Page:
Careers/Employment
19.12.2017
New approach to reducing gender inequality at work
A new approach for reducing gender inequality in the workplace has shown promise in a pilot project at several companies. It combines existing tools and adds an evaluation of places where biases could creep in to a company's procedures. At a time when many companies are feeling pressured to report on and improve gender inequality within the workforce, a Stanford sociologist is finding success with a new method for reducing the kind of bias that leads to these inequalities.
Social Sciences - Careers/Employment
15.12.2017
Gay relationships can be happier than hetero, study finds
Hot on the heels of the same-sex marriage bill, new research shows that gay and lesbian couples tend to have higher-quality relationships than their heterosexual counterparts. Professor Janeen Baxter, Director of the Life Course Centre (LCC) led by The University of Queensland, said the quality of intimate relationships of gay and lesbian people was high, if not higher than the quality of heterosexual couples' relationships.
Medicine/Pharmacology - Careers/Employment
05.12.2017
First of its kind pancreatic cancer trial to begin in Scotland
A ground-breaking new pancreatic cancer trial, which aims to match patients with more targeted and effective treatment for their tumours, is to begin in Scotland. Run by Precision-Panc, a research programme and clinical trials project led by the University of Glasgow and majority-funded by Cancer Research UK, the trial will bring a precision medicine approach to pancreatic cancer treatment for the first time in the UK.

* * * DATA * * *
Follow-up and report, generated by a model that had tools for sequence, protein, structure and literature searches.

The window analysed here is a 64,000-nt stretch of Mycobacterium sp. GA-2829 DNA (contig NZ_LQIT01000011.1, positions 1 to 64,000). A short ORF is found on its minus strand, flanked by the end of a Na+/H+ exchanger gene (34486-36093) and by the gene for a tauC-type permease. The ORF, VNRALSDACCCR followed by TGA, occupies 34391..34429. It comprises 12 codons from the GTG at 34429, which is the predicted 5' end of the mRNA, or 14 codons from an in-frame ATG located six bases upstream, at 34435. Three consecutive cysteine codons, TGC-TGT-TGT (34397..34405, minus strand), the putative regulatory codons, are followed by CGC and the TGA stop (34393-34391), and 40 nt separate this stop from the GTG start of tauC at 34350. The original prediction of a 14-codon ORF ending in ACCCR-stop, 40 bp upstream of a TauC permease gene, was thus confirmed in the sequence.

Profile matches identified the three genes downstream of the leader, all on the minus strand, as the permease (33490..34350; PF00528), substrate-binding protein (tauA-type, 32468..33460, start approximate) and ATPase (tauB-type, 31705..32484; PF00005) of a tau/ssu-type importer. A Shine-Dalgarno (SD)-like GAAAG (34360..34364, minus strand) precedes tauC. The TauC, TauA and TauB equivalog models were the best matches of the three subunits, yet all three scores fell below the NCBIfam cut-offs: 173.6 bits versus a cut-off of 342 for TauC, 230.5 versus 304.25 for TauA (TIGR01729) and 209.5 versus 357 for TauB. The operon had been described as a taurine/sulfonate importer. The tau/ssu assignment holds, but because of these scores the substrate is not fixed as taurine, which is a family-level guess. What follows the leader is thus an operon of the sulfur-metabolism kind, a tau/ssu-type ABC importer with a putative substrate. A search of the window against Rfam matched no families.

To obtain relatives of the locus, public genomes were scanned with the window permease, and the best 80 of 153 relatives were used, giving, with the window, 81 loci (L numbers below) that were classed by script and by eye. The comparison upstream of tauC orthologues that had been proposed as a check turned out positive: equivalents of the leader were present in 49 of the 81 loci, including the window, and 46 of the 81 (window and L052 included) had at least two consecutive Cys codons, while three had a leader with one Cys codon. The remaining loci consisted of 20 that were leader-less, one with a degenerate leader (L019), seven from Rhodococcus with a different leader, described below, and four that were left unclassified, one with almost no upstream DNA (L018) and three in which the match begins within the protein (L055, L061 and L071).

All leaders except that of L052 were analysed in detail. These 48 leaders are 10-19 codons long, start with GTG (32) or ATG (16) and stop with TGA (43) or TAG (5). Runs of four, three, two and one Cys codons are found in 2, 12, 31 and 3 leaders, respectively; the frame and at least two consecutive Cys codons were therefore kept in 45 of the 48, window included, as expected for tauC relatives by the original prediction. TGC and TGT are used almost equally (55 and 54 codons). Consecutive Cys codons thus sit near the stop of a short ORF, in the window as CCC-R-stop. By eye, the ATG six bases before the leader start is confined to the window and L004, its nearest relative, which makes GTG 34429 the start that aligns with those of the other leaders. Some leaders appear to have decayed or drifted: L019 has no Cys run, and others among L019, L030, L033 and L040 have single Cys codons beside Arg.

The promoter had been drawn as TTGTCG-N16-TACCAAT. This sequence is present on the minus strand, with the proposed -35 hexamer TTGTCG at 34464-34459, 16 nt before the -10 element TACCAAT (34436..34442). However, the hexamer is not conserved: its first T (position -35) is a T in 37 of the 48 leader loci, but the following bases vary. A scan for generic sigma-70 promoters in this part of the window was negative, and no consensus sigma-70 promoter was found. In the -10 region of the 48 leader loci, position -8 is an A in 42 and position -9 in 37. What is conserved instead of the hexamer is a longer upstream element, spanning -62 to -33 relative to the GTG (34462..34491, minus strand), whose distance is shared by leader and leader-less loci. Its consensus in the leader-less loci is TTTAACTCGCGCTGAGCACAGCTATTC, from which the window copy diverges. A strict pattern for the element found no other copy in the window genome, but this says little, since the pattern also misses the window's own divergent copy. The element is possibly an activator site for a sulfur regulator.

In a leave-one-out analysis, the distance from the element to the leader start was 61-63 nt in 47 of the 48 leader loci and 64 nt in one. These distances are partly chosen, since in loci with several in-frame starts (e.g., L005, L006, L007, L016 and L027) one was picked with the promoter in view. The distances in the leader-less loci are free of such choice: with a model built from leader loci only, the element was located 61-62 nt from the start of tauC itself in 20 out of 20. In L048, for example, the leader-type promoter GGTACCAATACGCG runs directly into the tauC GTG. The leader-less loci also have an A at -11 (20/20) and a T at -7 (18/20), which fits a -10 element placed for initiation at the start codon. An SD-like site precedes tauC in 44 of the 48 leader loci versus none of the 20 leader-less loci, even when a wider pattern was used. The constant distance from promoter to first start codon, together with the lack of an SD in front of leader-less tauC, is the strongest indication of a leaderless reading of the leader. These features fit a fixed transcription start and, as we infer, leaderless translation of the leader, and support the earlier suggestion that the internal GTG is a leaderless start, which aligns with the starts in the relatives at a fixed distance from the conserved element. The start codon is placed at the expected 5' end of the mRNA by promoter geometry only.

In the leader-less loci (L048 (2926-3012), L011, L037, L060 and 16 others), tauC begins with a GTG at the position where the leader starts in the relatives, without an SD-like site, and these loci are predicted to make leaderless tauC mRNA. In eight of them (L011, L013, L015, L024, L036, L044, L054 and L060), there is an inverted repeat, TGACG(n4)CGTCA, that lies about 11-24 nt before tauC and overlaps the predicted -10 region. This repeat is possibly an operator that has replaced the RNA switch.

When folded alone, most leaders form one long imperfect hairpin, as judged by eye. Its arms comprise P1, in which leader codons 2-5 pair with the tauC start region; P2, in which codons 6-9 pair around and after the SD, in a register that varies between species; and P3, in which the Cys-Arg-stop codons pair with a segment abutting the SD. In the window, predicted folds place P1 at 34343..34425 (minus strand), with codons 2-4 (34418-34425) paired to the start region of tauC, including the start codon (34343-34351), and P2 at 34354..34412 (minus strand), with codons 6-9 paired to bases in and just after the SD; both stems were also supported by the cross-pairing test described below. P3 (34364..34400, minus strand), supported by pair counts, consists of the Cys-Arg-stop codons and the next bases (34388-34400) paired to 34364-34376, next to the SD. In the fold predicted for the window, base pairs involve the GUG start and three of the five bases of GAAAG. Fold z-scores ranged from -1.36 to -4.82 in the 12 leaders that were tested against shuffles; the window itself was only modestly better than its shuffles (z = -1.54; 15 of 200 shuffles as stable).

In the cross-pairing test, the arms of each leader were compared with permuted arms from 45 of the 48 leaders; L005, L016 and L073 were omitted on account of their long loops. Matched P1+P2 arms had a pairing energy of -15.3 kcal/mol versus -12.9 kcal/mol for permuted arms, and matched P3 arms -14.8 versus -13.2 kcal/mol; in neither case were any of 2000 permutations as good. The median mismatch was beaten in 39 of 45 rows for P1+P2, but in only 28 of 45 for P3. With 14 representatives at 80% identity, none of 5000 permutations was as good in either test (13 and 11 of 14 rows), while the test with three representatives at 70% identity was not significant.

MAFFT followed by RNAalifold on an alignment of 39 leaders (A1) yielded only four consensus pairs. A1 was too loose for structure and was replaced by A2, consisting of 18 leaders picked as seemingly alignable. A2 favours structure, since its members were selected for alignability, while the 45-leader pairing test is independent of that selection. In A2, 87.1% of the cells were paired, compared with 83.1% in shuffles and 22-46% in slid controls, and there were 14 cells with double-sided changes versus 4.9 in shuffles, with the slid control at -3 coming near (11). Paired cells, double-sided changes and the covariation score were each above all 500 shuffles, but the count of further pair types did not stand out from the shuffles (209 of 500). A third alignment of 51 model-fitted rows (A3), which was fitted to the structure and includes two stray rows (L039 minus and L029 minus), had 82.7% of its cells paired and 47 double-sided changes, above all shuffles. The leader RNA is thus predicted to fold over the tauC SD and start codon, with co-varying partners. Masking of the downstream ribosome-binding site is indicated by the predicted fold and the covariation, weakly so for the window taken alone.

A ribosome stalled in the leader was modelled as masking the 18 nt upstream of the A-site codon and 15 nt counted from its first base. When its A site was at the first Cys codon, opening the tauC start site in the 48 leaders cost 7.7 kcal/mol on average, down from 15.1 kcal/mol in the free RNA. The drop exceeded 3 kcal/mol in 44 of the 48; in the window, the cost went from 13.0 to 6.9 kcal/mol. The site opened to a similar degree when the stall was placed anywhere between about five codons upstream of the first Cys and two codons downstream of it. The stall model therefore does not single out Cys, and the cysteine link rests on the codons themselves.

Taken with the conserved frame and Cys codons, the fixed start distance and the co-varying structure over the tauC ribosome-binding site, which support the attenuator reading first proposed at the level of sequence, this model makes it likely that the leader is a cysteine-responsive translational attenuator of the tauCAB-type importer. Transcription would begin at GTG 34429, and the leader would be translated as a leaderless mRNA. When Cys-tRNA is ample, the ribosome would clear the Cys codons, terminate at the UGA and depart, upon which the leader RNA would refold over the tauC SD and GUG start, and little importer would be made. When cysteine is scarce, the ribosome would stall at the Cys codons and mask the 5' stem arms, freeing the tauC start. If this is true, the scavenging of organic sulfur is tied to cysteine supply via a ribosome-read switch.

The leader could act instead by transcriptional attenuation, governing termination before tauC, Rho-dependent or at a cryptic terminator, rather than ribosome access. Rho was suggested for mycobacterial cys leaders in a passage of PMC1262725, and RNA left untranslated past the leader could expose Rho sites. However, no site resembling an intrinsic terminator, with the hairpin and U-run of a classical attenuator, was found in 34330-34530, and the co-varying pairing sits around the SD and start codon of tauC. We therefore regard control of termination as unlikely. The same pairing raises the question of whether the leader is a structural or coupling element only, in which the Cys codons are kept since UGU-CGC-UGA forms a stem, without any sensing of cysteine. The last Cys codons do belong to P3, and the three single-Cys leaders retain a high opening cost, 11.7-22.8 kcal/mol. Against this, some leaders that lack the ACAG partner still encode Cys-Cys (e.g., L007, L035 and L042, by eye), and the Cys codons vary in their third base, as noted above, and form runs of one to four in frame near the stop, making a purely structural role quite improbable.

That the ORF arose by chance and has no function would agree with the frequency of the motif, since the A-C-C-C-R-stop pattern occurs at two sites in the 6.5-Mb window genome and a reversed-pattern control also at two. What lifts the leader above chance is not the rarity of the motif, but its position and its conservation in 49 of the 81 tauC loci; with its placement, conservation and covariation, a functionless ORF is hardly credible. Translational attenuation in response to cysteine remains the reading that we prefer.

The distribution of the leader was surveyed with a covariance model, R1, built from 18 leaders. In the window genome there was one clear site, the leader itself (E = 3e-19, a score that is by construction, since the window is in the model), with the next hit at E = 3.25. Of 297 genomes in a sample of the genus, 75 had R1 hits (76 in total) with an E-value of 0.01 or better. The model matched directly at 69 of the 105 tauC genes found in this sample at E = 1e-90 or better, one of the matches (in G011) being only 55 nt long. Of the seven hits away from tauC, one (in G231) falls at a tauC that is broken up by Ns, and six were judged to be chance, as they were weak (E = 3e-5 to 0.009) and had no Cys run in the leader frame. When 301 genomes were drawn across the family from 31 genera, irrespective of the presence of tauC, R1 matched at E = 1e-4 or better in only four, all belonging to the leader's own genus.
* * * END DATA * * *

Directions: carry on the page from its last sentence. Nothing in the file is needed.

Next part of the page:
Medicine/Pharmacology - Careers/Employment
21.11.2017
Dying in Switzerland: responding to the individual's every need
Dying in Switzerland: responding to the individual’s every need
Most people in Switzerland die in hospitals and nursing homes. Their specific needs are often not adequately met.
Sport Sciences - Careers/Employment
03.11.2017
Retired professional footballers at higher risk of knee osteoarthritis
Retired professional footballers are far more prone to develop knee pain and osteoarthritis and face problems with their knees earlier in life than the average person, a study has revealed. The study reported that male ex-footballers were two to three times more likely to suffer from knee pain and knee osteoarthritis and require a total knee replacement, even after adjustment for other risk factors including significant knee injury.
Medicine/Pharmacology - Careers/Employment
02.11.2017
Common irregular heart rate condition along with other chronic illness linked to higher death risk
Common irregular heart rate condition along with other chronic illness linked to higher death risk
Young or middle aged people with Atrial Fibrillation (AF), the most common heart rhythm abnormality, are at greater risk of death if they have other long term health conditions, according to a new study. The research, led by the University of Glasgow and published today in Europace , has suggested that AF patients, who also have other health conditions, should be prioritised for healthcare interventions.
Medicine/Pharmacology - Careers/Employment
30.10.2017
Age-friendly workplaces could make people healthier in later life
Age-friendly workplaces, work flexibility, retraining and promotion of healthy lifestyles are vital to address the major causes of not working, enable people to have longer careers and enhance wellbeing in later life. Australians could have longer careers and be healthier in later life if workplaces were more age-friendly and promoted healthy lifestyles to their employees, a new ANU study has found.